CW's Gossip Girl Takes No Prisoners in New Ad Campaign

Ad campaigns are designed to grab attention.  CW, the network that airs the tart teen soap Gossip Girl, has taken that mantra to a whole new, provocative and disrespectful level.  In a nutshell the network is poking a finger in the eye of outraged parents and critics of the salacious show.

Two ads that have been released by the network feature teenagers in compromised positions.  Copy for both ads uses the words of the show's critics as tag lines.  One ad reads “Every Parent's Nightmare – Boston Herald” and the other reads “Mind-Blowingly Inappropriate – Parents Television Council.”  Shades of last century's smut books boasting “Banned in Boston” on their covers.

Provocative advertising is not new to Gossip Girl.  As CMI reported earlier, in April the network unveiled a blasphemous campaign featuring steamy pictures of the series' young actors with the tag line “OMFG.”  OMG is text-speak for “Oh my god.”  The “F” is for the f-word. At the time the network played coy, saying OMFG could stand for any number of things like “Oh My Freaking Goodness.”  Nobody believed them.

In a July 22 AP story about the latest “racy” promotional campaign, CW Vice President of Marketing Rick Haskins said. “This sort of campaign resonates with someone who likes Gossip Girl – specifically women ages 18 - 34.”  He also said the pictures and headlines were a “tongue-in-cheek way (to) capture what the show is about.”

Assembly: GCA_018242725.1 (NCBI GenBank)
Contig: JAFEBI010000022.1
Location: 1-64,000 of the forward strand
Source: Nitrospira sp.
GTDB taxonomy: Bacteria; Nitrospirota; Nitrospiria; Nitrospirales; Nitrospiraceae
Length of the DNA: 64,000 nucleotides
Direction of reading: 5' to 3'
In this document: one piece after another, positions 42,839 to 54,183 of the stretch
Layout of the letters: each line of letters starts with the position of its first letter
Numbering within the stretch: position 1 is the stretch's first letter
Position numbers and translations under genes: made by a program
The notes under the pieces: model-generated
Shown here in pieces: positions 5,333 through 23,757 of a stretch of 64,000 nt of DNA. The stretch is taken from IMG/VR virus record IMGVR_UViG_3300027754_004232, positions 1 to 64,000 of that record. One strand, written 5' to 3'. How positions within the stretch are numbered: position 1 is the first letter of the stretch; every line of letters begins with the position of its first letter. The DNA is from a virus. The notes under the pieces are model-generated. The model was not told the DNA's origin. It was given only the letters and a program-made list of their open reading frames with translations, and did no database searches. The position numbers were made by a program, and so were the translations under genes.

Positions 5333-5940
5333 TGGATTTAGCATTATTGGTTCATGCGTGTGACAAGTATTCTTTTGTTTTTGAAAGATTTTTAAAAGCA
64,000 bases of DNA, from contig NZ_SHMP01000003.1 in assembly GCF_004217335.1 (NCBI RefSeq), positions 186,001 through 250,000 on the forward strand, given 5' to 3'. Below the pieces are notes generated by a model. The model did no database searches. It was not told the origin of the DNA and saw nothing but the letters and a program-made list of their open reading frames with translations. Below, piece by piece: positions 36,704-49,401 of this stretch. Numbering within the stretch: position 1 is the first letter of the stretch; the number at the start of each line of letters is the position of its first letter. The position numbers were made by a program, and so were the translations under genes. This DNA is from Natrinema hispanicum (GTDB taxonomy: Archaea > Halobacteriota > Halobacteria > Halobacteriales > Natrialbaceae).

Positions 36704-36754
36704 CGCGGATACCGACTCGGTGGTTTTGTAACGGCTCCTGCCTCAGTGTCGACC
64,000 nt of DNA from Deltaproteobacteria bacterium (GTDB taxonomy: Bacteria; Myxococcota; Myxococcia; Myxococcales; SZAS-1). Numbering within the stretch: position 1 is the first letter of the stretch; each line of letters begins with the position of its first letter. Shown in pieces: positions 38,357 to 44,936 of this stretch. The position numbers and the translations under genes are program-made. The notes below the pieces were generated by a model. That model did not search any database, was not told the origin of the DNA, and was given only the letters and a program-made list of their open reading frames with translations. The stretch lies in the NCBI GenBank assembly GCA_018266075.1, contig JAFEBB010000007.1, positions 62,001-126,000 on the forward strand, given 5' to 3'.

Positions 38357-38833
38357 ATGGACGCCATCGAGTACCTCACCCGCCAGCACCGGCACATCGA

Which means the show is about teenagers having sex.  It also regularly includes story lines dealing with drug use and underage drinking – things about which parents are understandably concerned.  Apparently CW thinks parental concerns are irrelevant if not downright funny. 

And while Haskins might like to spin the demographics about who “likes” Gossip Girl and who the “target audience” is, the facts tell a different story.  The facts are that when the show debuted last fall it was the top-rated new show among 12- to17-year-olds, according to Media Life magazine.  And while Gossip Girl doesn't crack the top 100 shows in Nielsen Media Research ratings, it is very popular online. reports that the between iTunes downloads and DVR recordings Gossip Girl is the “most watched show by teenagers.”  

The fact that the show is viewed more online or via download to an iPod is disturbingly significant.  Even if a parent has used the V-chip or other blocking technology to prevent their teens from watching the show on broadcast television, it appears most kids are watching it via alternative media.  The reality of online viewing is a trend which makes protecting children from salacious entertainment content even more difficult.

Kristen Fyfe is senior writer at the Culture and Media Institute, a division of the Media Research Center.